Joe Biden, as president, would work to ban offensive weapons

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If elected, former Democratic Vice-President Joe Biden, a candidate for Democratic presidential nomination, will seek to ban offensive weapons in the United States, according to a politician’s local news release published Sunday night in The New York Times.

Biden recalled that he and Senator Dianne Feinstein had led the legislators in their efforts to enact the 1994 law. The law banned the sale of assault weapons and specialist magazines for ten years. “These reforms have proven to make our nation safer,” the politician said.
The former vice president regretted that this was the last meaningful piece of legislation on arms purchases, and since then the National Arms Alliance (NRA) and arms manufacturers, along with Republicans, have prevented it. He believed Republicans had demonstrated their inability to do so by not renewing the law after the law expired.
Biden recalled reports from many police stations that the number of offenses involving assault weapons had increased in the last nearly fifteen years. He pointed out that several analyzes had found that when offensive weapons and related newspapers were banned, there was less massacre with firearms. “We need to remove these weapons of war from our streets. Nearly 70 percent of the American public, including 54 percent of Republicans, support banning offensive weapons,” Joe Biden said in a statement, reiterating that the 1994 law worked.
“And if I am elected president, we will (this bill) re-enact, or even make it stricter. We will prevent small arms manufacturers from circumventing the law by making minor changes to their products,” the Democrats’ most aspirant presidential aspirant said. Since the massacre last Saturday in El Paso, Texas, and a few hours later in Dayton, Ohio, all Democratic presidential aspirants have called for stricter federal regulations on the purchase and possession of weapons. However, analysts say it is not known whether this is just the effect of last week’s tragedies or indeed reflects a lasting political stance.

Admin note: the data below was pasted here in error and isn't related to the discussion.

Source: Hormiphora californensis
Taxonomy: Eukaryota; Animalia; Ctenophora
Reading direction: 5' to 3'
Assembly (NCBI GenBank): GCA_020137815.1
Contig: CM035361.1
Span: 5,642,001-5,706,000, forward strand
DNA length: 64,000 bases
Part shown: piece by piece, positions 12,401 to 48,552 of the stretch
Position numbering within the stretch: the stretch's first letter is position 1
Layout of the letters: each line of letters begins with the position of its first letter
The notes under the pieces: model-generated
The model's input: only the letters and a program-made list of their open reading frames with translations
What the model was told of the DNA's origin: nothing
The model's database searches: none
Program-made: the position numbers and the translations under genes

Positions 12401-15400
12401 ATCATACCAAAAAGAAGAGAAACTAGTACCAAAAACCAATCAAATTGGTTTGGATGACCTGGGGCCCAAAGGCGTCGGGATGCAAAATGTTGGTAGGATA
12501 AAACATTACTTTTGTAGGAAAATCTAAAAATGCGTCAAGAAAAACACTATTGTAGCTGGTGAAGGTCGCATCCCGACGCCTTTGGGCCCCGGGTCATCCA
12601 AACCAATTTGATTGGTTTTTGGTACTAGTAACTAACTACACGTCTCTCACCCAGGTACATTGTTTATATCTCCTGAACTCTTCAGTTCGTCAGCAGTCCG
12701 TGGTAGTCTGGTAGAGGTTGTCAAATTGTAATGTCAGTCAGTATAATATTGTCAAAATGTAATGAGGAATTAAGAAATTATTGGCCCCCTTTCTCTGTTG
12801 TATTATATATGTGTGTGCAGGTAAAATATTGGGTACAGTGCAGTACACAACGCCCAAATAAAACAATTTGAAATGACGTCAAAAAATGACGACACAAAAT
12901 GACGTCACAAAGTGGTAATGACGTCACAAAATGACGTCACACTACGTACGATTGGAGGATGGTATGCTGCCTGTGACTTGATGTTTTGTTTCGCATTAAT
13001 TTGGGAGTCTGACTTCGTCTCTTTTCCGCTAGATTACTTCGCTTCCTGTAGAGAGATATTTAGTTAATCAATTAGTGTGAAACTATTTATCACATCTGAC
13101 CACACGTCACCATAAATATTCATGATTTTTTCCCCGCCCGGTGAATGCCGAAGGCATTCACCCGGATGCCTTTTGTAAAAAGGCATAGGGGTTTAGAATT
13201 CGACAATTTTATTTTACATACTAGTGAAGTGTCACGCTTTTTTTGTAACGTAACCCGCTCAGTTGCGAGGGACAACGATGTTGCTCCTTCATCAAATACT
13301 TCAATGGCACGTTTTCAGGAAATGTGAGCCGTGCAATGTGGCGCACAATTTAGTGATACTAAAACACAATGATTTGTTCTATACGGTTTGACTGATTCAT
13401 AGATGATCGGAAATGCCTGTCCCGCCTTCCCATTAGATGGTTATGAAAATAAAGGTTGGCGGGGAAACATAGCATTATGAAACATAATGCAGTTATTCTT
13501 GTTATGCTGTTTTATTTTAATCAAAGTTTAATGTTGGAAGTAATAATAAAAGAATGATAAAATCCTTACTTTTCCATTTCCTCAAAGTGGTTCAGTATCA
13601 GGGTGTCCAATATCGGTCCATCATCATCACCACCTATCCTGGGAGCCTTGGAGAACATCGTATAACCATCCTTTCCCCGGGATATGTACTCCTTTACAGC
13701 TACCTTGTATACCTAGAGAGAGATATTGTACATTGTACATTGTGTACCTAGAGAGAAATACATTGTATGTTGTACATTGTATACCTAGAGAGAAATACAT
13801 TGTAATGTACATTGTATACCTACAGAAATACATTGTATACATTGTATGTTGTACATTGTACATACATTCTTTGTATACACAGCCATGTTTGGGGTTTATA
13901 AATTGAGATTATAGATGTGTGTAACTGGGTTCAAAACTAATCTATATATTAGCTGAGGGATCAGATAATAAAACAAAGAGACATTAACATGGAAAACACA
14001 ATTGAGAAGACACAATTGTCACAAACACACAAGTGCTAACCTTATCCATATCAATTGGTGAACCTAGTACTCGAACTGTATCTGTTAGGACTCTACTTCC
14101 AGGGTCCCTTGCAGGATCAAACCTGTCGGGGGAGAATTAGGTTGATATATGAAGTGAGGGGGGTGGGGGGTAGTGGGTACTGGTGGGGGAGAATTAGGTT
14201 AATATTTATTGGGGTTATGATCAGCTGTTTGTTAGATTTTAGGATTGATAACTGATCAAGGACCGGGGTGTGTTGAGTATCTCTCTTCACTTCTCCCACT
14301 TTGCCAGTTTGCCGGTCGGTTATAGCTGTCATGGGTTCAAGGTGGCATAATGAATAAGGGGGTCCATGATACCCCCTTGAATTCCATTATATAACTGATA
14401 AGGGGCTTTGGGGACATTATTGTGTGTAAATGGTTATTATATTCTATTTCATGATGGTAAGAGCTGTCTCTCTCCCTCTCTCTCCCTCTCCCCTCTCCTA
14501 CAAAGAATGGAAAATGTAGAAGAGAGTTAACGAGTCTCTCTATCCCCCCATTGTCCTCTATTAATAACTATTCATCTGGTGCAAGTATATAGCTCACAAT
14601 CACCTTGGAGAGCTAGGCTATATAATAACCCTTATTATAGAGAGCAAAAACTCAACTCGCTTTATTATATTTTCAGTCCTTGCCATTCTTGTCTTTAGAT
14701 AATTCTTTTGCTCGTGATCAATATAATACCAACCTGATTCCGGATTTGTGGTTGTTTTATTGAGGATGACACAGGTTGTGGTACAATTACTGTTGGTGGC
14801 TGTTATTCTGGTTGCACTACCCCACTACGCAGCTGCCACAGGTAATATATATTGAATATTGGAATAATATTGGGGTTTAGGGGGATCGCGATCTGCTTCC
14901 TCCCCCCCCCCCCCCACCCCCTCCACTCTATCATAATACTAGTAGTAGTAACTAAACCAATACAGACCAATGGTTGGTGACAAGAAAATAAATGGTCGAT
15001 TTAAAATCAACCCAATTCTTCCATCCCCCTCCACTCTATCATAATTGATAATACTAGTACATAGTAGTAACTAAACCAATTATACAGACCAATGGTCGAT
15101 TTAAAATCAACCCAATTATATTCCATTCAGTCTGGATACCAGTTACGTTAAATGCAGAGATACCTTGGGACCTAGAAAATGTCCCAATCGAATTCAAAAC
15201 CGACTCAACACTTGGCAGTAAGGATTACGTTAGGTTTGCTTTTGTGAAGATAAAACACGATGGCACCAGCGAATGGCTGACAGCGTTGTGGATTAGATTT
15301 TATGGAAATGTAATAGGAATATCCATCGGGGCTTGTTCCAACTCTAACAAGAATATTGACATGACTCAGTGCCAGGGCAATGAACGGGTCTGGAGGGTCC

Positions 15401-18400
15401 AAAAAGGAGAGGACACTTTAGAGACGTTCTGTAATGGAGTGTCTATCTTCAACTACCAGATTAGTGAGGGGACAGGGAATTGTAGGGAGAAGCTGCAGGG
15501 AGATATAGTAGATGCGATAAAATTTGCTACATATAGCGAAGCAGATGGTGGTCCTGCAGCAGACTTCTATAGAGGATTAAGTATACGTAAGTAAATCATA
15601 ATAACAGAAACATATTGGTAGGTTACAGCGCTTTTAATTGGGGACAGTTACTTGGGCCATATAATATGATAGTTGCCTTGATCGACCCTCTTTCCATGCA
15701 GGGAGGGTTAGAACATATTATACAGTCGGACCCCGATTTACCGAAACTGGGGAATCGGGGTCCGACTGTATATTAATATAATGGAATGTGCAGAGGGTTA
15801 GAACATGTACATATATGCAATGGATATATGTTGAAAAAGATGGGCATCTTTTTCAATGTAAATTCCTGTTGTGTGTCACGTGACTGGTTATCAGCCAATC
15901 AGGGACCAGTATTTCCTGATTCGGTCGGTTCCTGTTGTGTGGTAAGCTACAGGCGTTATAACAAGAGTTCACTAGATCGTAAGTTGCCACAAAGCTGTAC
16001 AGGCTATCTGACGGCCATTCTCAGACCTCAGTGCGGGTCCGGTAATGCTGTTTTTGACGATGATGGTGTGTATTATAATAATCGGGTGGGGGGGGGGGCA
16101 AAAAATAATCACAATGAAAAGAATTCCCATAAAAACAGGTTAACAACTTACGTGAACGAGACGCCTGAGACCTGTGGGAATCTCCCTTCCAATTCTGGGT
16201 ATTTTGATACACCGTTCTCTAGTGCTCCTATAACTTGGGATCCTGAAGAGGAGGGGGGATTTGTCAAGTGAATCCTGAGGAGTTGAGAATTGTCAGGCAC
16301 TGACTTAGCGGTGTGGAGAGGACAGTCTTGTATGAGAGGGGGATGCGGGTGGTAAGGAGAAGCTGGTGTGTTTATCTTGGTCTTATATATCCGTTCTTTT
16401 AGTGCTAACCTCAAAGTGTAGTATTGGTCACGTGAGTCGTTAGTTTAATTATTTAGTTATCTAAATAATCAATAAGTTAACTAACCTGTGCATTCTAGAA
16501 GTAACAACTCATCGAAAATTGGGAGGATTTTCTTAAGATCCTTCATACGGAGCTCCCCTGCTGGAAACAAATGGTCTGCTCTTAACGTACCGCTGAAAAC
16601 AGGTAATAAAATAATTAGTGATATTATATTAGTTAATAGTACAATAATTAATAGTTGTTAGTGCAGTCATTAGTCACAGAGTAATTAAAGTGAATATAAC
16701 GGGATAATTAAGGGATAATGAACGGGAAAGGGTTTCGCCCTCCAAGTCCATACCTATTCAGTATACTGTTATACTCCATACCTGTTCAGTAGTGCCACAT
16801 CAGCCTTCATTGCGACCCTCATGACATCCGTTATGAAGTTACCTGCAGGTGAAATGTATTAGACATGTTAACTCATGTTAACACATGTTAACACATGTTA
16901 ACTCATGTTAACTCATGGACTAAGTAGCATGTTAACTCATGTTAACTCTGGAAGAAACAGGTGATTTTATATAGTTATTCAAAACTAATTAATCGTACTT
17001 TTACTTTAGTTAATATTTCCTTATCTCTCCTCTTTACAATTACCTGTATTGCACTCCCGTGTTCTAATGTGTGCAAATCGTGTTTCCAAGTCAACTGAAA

At the end of the week, an annual fair was held in Iowa, where nearly all of the politicians competing for the Democratic Party presidential nomination were present, and all dealt with regulating arms purchases.
Governor Steve Bullock of Montana, for example, told reporters in a harsh voice that he killed his 11-year-old nephew in 1994 with a gun at a school. “This would be no news today,” Bullock said.
New York Senator Kirsten Gillibrand and Biden himself, who was also present at the Iowa Fair, urged action, the criminalization of arms manufacturers, and federal legislation. Senator Bernie Sanders, who argued in 2005 that gun manufacturers should not be prosecuted for crimes on their products, said differently in Iowa on Sunday: “The world has changed and responsibility must change,” he said.
John Hickenlooper, a former governor of Colorado, said federal law should regulate a firearms permit. Julian Castro, in Iowa, talked about waiting seven days before buying any weapons and calling for a 20 percent tax on assault weapons and ammunition.

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